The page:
As you may have noticed, Daniel is male, which means that his feelings are more important and his opinions more valid than those of his female compatriots. Even though he, like all men, necessarily disagrees with the ASC’s philosophy of hiring and including women in all our programming, he still can’t wait for camp to start. This summer, he plans to teach an elective workshop on medieval military strategy for any and all interested male campers.
The Knight of the Burning Pestle
Emily’s most notorious accomplishment to date all has to do with her claim to the Castilian throne – she stands to inherit the monarchy after the death of her father Peter, King of Castile and Léon, also known as Peter the Cruel. Her mother was María de Padilla, whom Peter had secretly married, but was then forced to repudiate; however he kept her as his mistress. Peter’s mother, Philippa of Hainault, was Edward III’s second wife. Emily was married, at Roquefort, near Bordeaux, Guienne, on 21 September 1371, to John of Gaunt, 1st Duke of Lancaster, who, as everyone knows, was the fourth son of Edward III of England. Emily’s oldest son, the degenerate Henry Bolingbroke, would grow up to usurp the English crown from the rightful ruler, Richard II. The house of Lancaster ruled unlawfully for nearly three generations before Emily’s great grandson – the meek and ineffectual Henry VI – finally faced the consequences of the crimes committed by his ancestors. 72 years after the Lancastrian usurpation shattered the divine rule of kingship, the rightful House of York restored the order of both the heavens and the English state. No thanks to Emily, of course, who is (as you may have noticed) a woman.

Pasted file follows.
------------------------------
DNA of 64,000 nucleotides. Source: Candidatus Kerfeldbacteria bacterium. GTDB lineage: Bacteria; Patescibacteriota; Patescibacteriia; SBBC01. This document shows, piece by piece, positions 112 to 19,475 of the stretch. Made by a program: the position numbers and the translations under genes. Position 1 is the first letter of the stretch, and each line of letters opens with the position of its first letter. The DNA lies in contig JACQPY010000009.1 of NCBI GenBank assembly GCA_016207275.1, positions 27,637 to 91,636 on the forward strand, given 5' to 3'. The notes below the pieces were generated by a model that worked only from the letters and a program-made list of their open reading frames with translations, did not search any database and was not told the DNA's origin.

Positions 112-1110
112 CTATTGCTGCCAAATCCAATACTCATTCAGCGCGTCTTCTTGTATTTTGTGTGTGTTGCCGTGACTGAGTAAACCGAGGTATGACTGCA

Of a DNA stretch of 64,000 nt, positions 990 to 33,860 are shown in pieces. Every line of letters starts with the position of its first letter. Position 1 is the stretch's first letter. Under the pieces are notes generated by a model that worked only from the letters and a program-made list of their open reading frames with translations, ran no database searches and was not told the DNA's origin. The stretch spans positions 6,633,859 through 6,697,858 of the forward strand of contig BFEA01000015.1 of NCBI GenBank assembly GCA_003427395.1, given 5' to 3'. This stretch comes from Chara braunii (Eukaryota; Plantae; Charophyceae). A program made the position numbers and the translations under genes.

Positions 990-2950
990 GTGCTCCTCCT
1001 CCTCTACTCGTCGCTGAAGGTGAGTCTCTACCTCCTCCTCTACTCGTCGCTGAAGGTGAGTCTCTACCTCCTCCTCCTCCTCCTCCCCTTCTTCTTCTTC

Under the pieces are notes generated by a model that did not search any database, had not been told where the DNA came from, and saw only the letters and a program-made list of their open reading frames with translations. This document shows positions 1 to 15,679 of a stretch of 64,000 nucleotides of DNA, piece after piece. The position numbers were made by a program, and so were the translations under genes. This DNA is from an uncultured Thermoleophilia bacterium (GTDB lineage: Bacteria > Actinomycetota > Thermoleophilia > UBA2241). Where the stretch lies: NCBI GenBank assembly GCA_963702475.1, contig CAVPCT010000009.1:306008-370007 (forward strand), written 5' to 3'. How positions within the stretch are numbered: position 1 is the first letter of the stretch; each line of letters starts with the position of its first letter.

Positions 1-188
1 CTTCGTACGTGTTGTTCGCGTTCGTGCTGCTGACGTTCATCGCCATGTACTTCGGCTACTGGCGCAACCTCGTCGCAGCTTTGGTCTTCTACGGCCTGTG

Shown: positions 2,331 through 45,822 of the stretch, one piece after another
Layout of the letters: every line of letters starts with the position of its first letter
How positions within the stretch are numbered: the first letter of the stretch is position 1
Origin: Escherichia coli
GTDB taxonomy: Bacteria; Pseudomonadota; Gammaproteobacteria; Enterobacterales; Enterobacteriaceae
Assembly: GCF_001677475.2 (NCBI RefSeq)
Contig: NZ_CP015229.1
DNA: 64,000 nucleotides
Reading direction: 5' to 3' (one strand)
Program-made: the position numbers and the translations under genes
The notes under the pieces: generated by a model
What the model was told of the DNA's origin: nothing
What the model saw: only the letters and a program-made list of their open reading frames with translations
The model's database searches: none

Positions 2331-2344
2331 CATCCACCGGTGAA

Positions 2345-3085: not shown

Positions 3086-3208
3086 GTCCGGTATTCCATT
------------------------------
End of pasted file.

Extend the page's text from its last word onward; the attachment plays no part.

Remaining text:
The Sea Voyage